Sergei Tchoban: Drawing a Museum of Drawings
Sergei Tchoban, a Russian-born architect working in Germany and founder of the Tchoban Foundation, is a passionate draftsman and a collector of historic architectural drawings. He studied at the Leningrad Secondary Art School and later at the architectural department of the Imperial Academy of Arts, formerly known as the Ilya Repin Institute of the Russian Academy of Arts. Unique in the world, Berlin's new Museum for Architectural Drawing, designed by Tchoban and Sergey Kuznetsov (SPEECH office), brings some of the finest 20th and 21st century architectural drawings together in a building provocatively tattooed with its own drawings. The development of the museum and its collection is the topic of Tchoban's lecture.
While just a generation ago the acquisition of skill in drawing was still fundamental to the formation of architects, such skills are contested today whether in architectural instruction or in professional practice. In the 21st century, virtually no architect seeks to persuade clients of her capacities as a designer by means of sketches or perspective views. A hand drawing, for example, is not required for the realization of a project. Yet, even now, the development and training of the ability to invent forms and communicate architectural ambitions flows through ideas that are conveyed via the drawing hand. Talent and training were the pillars upon which the art of drafting rested well into the 20th century. It is at this point that the Tchoban Foundation intervenes to sustain and reawaken an interest in architectural drawing.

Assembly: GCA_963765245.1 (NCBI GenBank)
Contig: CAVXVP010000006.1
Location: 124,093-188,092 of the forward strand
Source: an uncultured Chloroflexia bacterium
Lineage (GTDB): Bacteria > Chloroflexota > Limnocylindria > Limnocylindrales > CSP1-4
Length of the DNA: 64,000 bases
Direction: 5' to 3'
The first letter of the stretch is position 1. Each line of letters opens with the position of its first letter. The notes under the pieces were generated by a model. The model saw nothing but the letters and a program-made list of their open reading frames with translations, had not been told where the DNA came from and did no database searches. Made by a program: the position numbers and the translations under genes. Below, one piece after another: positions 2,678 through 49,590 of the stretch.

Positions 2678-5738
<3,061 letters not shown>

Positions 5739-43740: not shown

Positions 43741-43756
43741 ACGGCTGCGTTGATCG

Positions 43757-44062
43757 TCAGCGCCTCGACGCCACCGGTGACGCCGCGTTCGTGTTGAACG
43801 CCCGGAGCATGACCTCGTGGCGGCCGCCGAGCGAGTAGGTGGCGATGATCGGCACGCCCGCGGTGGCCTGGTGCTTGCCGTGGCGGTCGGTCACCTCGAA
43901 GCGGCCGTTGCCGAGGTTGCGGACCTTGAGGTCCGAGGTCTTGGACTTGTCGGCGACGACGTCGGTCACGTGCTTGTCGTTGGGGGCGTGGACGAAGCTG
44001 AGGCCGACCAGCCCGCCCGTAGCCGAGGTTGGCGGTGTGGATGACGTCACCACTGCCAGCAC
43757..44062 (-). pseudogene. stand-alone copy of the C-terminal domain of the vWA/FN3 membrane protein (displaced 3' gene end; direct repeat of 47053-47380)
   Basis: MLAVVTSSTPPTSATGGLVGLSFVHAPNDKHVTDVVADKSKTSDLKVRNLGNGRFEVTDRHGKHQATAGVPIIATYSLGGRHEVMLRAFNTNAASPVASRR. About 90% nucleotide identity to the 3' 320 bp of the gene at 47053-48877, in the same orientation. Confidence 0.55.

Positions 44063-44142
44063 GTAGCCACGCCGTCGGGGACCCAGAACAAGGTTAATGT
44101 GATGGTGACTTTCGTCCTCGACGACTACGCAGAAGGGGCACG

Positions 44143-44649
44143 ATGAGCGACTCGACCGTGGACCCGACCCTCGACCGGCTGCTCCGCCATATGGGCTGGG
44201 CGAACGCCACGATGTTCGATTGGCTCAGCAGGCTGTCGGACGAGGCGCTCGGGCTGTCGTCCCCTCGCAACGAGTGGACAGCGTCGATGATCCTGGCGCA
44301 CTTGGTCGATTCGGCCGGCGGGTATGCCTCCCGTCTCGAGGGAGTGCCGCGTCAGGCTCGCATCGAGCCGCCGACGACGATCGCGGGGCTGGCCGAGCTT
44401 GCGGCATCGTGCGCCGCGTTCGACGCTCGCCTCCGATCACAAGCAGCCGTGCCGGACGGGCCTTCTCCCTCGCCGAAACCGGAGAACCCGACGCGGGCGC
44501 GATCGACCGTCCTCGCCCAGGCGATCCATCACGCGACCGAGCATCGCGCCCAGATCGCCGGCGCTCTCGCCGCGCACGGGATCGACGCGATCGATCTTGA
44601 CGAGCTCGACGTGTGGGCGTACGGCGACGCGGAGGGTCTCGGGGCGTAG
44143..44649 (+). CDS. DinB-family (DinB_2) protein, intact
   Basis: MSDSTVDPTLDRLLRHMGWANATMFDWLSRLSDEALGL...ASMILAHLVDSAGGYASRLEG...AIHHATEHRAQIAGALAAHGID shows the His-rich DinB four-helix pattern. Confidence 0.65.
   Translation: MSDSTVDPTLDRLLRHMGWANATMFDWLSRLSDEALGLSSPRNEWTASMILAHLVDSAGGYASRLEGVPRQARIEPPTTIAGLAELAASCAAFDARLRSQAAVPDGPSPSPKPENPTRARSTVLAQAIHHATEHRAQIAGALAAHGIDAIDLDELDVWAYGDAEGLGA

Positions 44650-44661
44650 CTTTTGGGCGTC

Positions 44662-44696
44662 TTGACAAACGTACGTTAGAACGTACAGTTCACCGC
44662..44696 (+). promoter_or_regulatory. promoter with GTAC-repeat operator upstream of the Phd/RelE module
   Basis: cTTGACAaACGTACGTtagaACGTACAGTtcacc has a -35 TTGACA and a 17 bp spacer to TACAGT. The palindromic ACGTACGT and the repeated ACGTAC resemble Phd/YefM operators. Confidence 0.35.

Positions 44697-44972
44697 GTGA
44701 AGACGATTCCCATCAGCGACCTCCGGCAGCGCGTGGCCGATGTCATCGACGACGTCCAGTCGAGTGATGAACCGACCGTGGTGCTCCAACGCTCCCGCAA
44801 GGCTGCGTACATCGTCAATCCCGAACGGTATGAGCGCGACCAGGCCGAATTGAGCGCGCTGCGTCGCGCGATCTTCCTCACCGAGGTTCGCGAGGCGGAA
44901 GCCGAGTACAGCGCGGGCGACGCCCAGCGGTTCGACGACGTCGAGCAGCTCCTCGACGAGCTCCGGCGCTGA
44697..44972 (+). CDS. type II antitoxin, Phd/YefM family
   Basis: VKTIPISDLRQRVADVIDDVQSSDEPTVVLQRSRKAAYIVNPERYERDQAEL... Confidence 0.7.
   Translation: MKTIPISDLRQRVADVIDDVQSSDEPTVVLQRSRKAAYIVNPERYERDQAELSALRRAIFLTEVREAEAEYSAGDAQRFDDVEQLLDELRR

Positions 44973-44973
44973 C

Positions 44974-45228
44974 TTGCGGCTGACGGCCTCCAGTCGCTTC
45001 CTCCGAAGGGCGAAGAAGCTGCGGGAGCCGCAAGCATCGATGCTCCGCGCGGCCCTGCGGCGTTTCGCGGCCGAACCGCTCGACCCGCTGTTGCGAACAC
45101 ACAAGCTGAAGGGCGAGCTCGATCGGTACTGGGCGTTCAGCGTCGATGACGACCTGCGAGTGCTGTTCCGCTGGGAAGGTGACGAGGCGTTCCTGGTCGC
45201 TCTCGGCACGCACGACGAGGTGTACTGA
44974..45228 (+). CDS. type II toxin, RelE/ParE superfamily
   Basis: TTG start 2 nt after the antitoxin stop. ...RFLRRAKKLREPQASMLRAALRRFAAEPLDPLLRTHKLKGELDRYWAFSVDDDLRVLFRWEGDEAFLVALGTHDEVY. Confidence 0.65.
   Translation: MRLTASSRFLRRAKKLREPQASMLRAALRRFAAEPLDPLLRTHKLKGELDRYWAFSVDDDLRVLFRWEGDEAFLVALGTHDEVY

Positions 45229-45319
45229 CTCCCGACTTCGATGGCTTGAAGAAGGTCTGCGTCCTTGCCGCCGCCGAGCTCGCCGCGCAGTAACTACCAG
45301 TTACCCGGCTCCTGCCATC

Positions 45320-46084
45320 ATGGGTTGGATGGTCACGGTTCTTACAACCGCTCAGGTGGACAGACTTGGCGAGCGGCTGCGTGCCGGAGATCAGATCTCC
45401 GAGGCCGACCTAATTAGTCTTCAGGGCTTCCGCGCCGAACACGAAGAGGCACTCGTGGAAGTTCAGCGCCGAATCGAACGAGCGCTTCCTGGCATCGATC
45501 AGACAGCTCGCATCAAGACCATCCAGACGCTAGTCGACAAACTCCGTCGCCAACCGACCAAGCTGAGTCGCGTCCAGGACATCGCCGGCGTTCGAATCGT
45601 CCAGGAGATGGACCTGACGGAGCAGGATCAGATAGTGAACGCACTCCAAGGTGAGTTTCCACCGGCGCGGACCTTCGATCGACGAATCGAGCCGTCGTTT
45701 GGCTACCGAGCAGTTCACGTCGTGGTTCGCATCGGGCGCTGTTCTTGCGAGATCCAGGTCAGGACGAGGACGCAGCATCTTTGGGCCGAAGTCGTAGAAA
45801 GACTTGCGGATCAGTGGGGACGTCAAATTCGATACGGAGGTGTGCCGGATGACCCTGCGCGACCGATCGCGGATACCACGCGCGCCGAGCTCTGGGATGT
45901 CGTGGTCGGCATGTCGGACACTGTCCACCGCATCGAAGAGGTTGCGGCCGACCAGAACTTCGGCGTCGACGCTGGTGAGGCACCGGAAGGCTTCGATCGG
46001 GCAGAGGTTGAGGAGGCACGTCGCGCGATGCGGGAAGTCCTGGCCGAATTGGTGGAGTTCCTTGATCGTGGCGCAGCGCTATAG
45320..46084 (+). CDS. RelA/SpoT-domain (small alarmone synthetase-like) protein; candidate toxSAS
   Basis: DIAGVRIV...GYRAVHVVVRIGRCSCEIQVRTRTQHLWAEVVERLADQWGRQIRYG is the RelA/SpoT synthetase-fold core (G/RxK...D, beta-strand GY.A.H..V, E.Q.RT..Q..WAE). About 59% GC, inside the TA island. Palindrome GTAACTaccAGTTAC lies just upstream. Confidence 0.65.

A second aim of the foundation is to raise public awareness of the imaginative world of the architectural drawing through events and exhibitions. Hence the decision to erect a new museum building on the Pfefferberg in Berlin-Mitte devoted exclusively to preserving and displaying hand-drawn representations of architectural ideas. The Tchoban Foundation owns hundreds of drawings by leading international architects of the 20th and 21st centuries. The foundation juxtaposes contemporary architectural drawings with works by exceptional architects of the past; at the same time keeping the tradition of the hand drawing alive in our computer-driven present. Both areas of the collection are presented in the museum and in the exhibition on display at Cornell AAP.
Tchoban's lecture on September 9 concludes with a round-table discussion involving professors Jeffrey Chusid, Aleksandr Mergold, and Mark Morris.